Above all, the technology itself continues to be mistrusted. In 2019, the American LNG producer Venture Global, engaged in CCS projects [capture et stockage du carbone, ndlr]had thus expressed his skepticism, and declared to the American Federal Energy Regulatory Commission that these techniques were “not not economically feasible » and that they « would result in significant negative energy and environmental impacts, due to the additional water and energy requirements for the operation of the system, with the associated emission of additional greenhouse gases and other pollutants from the combustion of natural gas “.

From failure to failure, despite the billions on the table

In fact, far from the reassuring speeches of Engie and NextDecade, the path has been strewn with pitfalls. The huge LNG extraction and export complex in Australia, Gorgon, for a time presented by its operator (the American oil giant Chevron), as ” the largest commercial-scale carbon dioxide storage project in the world “, in particular hit the headlines due to technical problems and multiple cost overruns. Thus, while Gorgon was to capture 80% of the CO2 emitted (on a rolling five-year average), Chevron indicated that, even if the LNG had been delivered, the objective of capturing the associated emissions had not been achieved. reached – without, however, disclosing the exact figures.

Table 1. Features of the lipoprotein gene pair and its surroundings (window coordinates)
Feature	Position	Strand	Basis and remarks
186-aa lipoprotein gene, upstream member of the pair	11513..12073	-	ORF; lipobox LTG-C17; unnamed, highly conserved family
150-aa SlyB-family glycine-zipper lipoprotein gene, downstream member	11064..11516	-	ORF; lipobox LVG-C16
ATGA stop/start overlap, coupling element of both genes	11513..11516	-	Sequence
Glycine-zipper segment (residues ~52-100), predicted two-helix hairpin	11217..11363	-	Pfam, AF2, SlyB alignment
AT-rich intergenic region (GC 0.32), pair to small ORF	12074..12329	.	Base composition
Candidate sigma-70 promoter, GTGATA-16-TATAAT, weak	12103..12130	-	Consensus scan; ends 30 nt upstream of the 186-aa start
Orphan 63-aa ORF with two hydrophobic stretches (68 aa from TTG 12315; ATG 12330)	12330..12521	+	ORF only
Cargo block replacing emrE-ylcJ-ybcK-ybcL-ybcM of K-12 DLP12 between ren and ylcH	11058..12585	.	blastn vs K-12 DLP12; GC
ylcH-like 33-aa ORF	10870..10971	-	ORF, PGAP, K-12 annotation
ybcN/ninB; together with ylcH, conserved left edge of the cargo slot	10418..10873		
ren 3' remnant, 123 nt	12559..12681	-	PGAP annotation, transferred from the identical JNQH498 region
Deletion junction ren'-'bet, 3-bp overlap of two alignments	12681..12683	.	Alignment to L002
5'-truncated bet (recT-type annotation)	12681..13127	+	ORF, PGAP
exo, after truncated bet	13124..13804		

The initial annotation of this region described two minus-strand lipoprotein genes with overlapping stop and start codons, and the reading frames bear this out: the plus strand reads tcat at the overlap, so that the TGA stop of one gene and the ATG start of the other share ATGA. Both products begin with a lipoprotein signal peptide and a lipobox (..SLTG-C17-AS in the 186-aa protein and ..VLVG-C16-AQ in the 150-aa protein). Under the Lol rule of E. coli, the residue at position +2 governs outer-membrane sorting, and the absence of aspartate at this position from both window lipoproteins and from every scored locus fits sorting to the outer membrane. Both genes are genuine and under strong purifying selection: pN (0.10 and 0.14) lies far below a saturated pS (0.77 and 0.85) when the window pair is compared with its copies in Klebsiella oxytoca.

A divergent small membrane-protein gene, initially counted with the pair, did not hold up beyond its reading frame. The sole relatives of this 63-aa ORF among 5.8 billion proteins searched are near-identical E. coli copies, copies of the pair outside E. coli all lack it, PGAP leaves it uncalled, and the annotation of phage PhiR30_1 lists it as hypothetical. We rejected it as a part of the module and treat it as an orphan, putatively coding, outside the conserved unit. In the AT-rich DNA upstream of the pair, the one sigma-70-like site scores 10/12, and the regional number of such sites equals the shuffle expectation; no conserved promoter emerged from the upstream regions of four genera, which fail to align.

But according to the American NGO Global Energy Monitor, these would in fact be catastrophic: Gorgon would have managed to capture only 30% of the targeted CO2. A few days ago, a report from the think tank American IEEFA (Institute for Energy Economics and Financial Analysis) drove the point home even further, describing the project as ” failure “.

“If Chevron, Exxon and Shell can’t make Gorgon’s carbon capture and storage work, who will? asks the think tank.

Especially since at Rio Grande LNG, several elements are worrying. Indeed, the company responsible for the future site’s CO2 capture infrastructure, a subsidiary of Mitsubishi, had helped develop emissions reduction technology a few years ago for the power plants of Petra Nova, Texas, and of Kemper, Mississippi – the latter supposedly being the first coal-fired plant”own“. But there again, the two mega-projects had ended up exploding in flight, overwhelmed by exorbitant costs and a crying lack of results. While many experts are now warning of the impasse of a business as usual justified by technological advances, the burden of proof will therefore rest on NextDecade and Engie to show, after these bitter failures, that this time will be the right one.